The Broadway Neighborhood is highly urbanized and one of the most densely developed areas of the South Los Angeles region. The neighborhood is south of the I-10 and east of I-110 Freeways. Runoff from the Broadway Neighborhood discharges to the Los Angeles River, an impaired water body due to stormwater and dry weather runoff from dense clusters of commercial, industrial, and residential developments and urban activities. The Project is directly improving LA River water quality, augmenting local water supplies in the Central Basin, and assisting with urban flood management within the neighborhood through the deployment of Low Impact Development (LID) and Stormwater Control Measures (SCMs).

The Broadway Neighborhood Stormwater Greenway Project diverts flows from a 220-acre watershed area for stormwater capture and infiltration through four levels of LID/SCM constructed in private properties, road ends and a under a parking lot. During the initial monitoring period, 96 percent of the equivalent runoff from the Project design area was captured and infiltrated. Additional volume from the upstream tributary area was also captured and infiltrated over the course of the monitoring period, increasing the equivalent capture efficiency to well-beyond 100% of the design capture efficiency. Results of the past two years of monitoring are in progress and will be discussed in the future. In addition, the residential component of the Project continues to help residents conserve water by reducing irrigation demands through turf replacement using drought-tolerant rain gardens, native landscaping, and mulching. The Project provided open space benefits and pedestrian friendly green connections within the community throughout the residential neighborhoods and the commercial district. This Project effectively shows how stormwater and urban runoff is captured and treated on site using the system of LID/SCMs installed, thereby reducing the overall pollutant load from the Project's watershed area and providing a new source of sustainable water to augment the local water supply in the Central Basin.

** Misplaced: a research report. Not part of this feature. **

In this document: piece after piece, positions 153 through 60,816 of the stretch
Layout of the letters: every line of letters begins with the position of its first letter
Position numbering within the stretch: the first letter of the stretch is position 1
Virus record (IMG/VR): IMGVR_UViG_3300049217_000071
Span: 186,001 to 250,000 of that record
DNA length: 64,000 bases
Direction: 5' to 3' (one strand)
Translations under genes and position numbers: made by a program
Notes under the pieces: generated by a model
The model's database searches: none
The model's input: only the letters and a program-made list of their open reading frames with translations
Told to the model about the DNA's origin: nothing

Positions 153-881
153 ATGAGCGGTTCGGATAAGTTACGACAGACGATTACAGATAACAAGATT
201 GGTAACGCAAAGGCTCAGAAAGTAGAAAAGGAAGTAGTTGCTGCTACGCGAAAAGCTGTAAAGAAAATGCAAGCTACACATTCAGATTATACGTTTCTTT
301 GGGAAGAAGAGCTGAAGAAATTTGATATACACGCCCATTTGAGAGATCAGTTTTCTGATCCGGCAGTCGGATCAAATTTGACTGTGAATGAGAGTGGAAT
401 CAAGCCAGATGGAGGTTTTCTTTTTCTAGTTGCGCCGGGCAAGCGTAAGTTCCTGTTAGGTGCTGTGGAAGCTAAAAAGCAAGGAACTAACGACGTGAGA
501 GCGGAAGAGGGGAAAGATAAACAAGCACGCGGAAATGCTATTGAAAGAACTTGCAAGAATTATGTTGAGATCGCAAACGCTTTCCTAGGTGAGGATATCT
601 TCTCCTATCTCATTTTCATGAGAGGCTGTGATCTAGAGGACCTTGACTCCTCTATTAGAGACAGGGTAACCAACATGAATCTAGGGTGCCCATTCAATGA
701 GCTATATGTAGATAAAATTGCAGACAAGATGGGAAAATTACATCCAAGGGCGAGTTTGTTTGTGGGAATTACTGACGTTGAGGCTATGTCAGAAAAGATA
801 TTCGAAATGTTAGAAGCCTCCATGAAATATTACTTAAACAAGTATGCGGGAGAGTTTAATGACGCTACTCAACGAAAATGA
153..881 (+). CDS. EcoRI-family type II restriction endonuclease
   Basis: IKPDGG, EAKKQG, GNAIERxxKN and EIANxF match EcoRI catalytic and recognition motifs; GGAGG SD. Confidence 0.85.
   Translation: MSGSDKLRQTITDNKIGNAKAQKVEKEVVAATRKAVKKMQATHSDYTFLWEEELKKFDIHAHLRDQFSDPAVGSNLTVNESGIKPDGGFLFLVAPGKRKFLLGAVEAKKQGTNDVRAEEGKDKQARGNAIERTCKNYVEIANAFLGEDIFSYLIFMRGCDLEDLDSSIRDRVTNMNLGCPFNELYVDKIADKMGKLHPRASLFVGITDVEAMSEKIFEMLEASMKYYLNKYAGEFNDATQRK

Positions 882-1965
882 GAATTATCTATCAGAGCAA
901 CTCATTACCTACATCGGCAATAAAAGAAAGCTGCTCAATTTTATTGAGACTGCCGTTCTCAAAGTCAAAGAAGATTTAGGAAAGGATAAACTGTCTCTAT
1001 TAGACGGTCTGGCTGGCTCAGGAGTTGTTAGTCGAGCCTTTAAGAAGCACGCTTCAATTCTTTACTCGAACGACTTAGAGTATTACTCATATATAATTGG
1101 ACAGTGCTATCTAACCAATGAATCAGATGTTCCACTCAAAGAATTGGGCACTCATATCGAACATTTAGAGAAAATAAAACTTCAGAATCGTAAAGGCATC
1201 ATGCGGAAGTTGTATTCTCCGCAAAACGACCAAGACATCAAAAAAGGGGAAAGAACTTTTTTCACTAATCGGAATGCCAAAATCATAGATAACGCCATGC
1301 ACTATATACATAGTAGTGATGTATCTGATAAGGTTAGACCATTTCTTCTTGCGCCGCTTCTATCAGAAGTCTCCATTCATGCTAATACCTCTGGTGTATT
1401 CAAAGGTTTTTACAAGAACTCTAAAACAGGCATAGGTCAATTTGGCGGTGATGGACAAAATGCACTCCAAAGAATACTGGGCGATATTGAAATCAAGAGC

Title: Nutrient Source Tracking to Support Modification of an Algae TMDL in the LA Region
Presenter: Charles Genkel (Ventura County Environmental Health), Jared Ervin (Geosyntec)
Session: Total Maximum Daily Loads Track / TMDL Compliance Strategies
Time: 2:30 - 3:00 p.m. on Wednesday, October 17th
Geosyntec Authors: Stacey Isaac, Jared Ervin, Brandon Steets
Statewide, TMDL responsible parties are exploring means of modifying TMDL requirements based on new information. In the Ventura River Watershed (Watershed), an Algae TMDL identifies responsible parties including MS4s, general stormwater permittees, ranching, agriculture, and onsite wastewater treatment systems (OWTS). Working closely with the Regional Water Board, the Ventura County Environmental Health Division (VCEHD) sought to pursue a precedent-setting study to spatially define the primary contributing nitrogen sources in the watershed, to support TMDL modification. This study establishes a model for other regulators and dischargers to follow to achieve TMDL modification, and in particular when accounting for hydrologically complex groundwater-surface water interaction-based pathways.

In the Watershed, there are over 2,000 single family residential OWTS, most of which are permitted by the VCEHD. OWTS typically release treated wastewater effluent into unsaturated soil via leach fields, which disperse contaminants prior to reaching groundwater. However, this can potentially impact receiving waters if systems are not maintained or functioning properly, and can also contribute nitrate even when systems properly function. Nitrates can persist in shallow groundwater, which can then flow into surface waters and impact surface water quality.